Burtscheid abbey was founded in 997 under Emperor Otto III. The first abbot, Gregor, who came to Burtscheid from Calabria, is sometimes said to have been the brother of Theophanu, Byzantine mother of the Emperor. He was buried beneath the altar after his death in 999, and his date of death, 4 November, was kept as a feast day until the dissolution of the abbey.
In 1018 the Emperor Henry II endowed it with the surrounding territory. Also at about this time the monastery was raised to the status of an abbey, and the dedication was changed from Saints Nicholas and Apollinaris to Saints John the Baptist and Nicholas.
In 1138, the abbey was made reichsfrei by Conrad III, being granted Imperial immediacy, the privilege of being subject only to the Holy Roman Emperor, rather than to an intermediate lord. The abbey was under the Vogtei (loosely 'protectorship') of the Barony of Mérode until the abbey purchased its Vogtei from them, in 1649.
In 1220, under Emperor Frederick II and his chancellor, Archbishop Engelbert of Cologne, the Benedictines were evicted and replaced by Cistercian nuns who had previously been living at the Salvatorberg in Aachen, to whom the abbey's possessions were transferred. At the same time the abbey's reichsfreiheit was confirmed.
The abbey church was rebuilt in the mid-14th century, and again between 1735 and 1754 by the architect J.J. Couven.
In 1779, despite the refusal of permission by the council of Aachen, who by that time were responsible for local government in Burtscheid, the then abbess introduced a gambling house, and the street is still known today as Krugenofen Kasinostrasse.
Burtscheid was occupied by French troops in December 1792, and from September 1794 until 1804. They used the abbey church for the manufacture of balloons. In August 1802 the nunnery was secularised and dissolved.
The remaining abbey buildings are now used by a school and for residential and administrative purposes.References:
Glimmingehus is the best preserved medieval stronghold in Scandinavia. It was built 1499-1506, during an era when Scania formed a vital part of Denmark, and contains many defensive arrangements of the era, such as parapets, false doors and dead-end corridors, 'murder-holes' for pouring boiling pitch over the attackers, moats, drawbridges and various other forms of death traps to surprise trespassers and protect the nobles against peasant uprisings. The lower part of the castle's stone walls are 2.4 meters (94 inches) thick and the upper part 1.8 meters (71 inches).
Construction was started in 1499 by the Danish knight Jens Holgersen Ulfstand and stone-cutter-mason and architect Adam van Düren, a North German master who also worked on Lund Cathedral. Construction was completed in 1506.
Ulfstand was a councillor, nobleman and admiral serving under John I of Denmark and many objects have been uncovered during archeological excavations that demonstrate the extravagant lifestyle of the knight's family at Glimmingehus up until Ulfstand's death in 1523. Some of the most expensive objects for sale in Europe during this period, such as Venetian glass, painted glass from the Rhine district and Spanish ceramics have been found here. Evidence of the family's wealth can also be seen inside the stone fortress, where everyday comforts for the knight's family included hot air channels in the walls and bench seats in the window recesses. Although considered comfortable for its period, it has also been argued that Glimmingehus was an expression of "Knighthood nostalgia" and not considered opulent or progressive enough even to the knight's contemporaries and especially not to later generations of the Scanian nobility. Glimmingehus is thought to have served as a residential castle for only a few generations before being transformed into a storage facility for grain.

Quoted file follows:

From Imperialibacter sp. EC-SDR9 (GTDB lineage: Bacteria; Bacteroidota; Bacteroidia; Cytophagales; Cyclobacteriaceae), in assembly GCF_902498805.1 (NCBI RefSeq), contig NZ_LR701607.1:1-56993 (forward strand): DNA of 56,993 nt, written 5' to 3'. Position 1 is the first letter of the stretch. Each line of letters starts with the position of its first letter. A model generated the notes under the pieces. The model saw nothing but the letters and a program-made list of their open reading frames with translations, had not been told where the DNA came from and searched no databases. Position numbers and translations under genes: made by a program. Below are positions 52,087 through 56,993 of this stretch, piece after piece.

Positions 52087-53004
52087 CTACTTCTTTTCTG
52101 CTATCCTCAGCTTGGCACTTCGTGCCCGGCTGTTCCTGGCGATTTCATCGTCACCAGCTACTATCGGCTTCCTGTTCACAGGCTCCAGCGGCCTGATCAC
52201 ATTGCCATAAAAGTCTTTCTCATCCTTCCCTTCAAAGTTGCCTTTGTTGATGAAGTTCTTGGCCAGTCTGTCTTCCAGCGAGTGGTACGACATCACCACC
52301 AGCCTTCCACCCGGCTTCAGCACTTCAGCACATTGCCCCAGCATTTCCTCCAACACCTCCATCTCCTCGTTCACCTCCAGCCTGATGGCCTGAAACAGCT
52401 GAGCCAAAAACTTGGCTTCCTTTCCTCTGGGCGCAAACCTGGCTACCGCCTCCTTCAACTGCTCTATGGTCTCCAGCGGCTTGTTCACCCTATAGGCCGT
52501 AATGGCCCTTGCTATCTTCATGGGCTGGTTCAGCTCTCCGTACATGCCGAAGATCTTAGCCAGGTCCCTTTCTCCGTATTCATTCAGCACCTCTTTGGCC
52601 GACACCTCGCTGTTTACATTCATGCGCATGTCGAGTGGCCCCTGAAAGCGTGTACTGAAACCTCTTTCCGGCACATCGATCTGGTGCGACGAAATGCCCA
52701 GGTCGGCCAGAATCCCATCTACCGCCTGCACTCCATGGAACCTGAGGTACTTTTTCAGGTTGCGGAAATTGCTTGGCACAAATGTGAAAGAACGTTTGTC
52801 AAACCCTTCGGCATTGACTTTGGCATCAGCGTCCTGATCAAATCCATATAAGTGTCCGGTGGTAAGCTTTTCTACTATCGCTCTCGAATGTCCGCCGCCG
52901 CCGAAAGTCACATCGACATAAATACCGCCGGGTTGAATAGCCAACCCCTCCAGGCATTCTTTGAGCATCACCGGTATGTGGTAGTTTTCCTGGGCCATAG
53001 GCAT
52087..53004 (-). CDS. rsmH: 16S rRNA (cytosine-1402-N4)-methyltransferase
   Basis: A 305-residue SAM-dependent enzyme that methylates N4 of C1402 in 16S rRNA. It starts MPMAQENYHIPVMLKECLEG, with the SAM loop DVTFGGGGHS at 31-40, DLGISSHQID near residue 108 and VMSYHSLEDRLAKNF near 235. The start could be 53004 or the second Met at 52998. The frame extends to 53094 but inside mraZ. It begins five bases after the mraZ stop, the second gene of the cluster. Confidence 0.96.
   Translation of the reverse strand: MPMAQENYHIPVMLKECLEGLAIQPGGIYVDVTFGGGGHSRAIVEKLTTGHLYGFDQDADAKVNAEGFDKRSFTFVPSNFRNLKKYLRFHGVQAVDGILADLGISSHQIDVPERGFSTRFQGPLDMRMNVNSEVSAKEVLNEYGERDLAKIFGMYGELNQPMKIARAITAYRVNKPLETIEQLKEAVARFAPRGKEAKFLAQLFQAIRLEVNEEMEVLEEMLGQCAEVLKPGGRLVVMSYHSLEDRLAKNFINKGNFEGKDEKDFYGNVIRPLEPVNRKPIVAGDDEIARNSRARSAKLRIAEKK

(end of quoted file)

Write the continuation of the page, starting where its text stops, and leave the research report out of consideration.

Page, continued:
An order from Charles XI to the administrators of the Swedish dominion of Scania in 1676 to demolish the castle, in order to ensure that it would not fall into the hands of the Danish king during the Scanian War, could not be executed. A first attempt, in which 20 Scanian farmers were ordered to assist, proved unsuccessful. An additional force of 130 men were sent to Glimmingehus to execute the order in a second attempt. However, before they could carry out the order, a Danish-Dutch naval division arrived in Ystad, and the Swedes had to abandon the demolition attempts. Throughout the 18th century the castle was used as deposit for agricultural produce and in 1924 it was donated to the Swedish state. Today it is administered by the Swedish National Heritage Board.
On site there is a museum, medieval kitchen, shop and restaurant and coffee house. During summer time there are several guided tours daily. In local folklore, the castle is described as haunted by multiple ghosts and the tradition of storytelling inspired by the castle is continued in the summer events at the castle called "Strange stories and terrifying tales".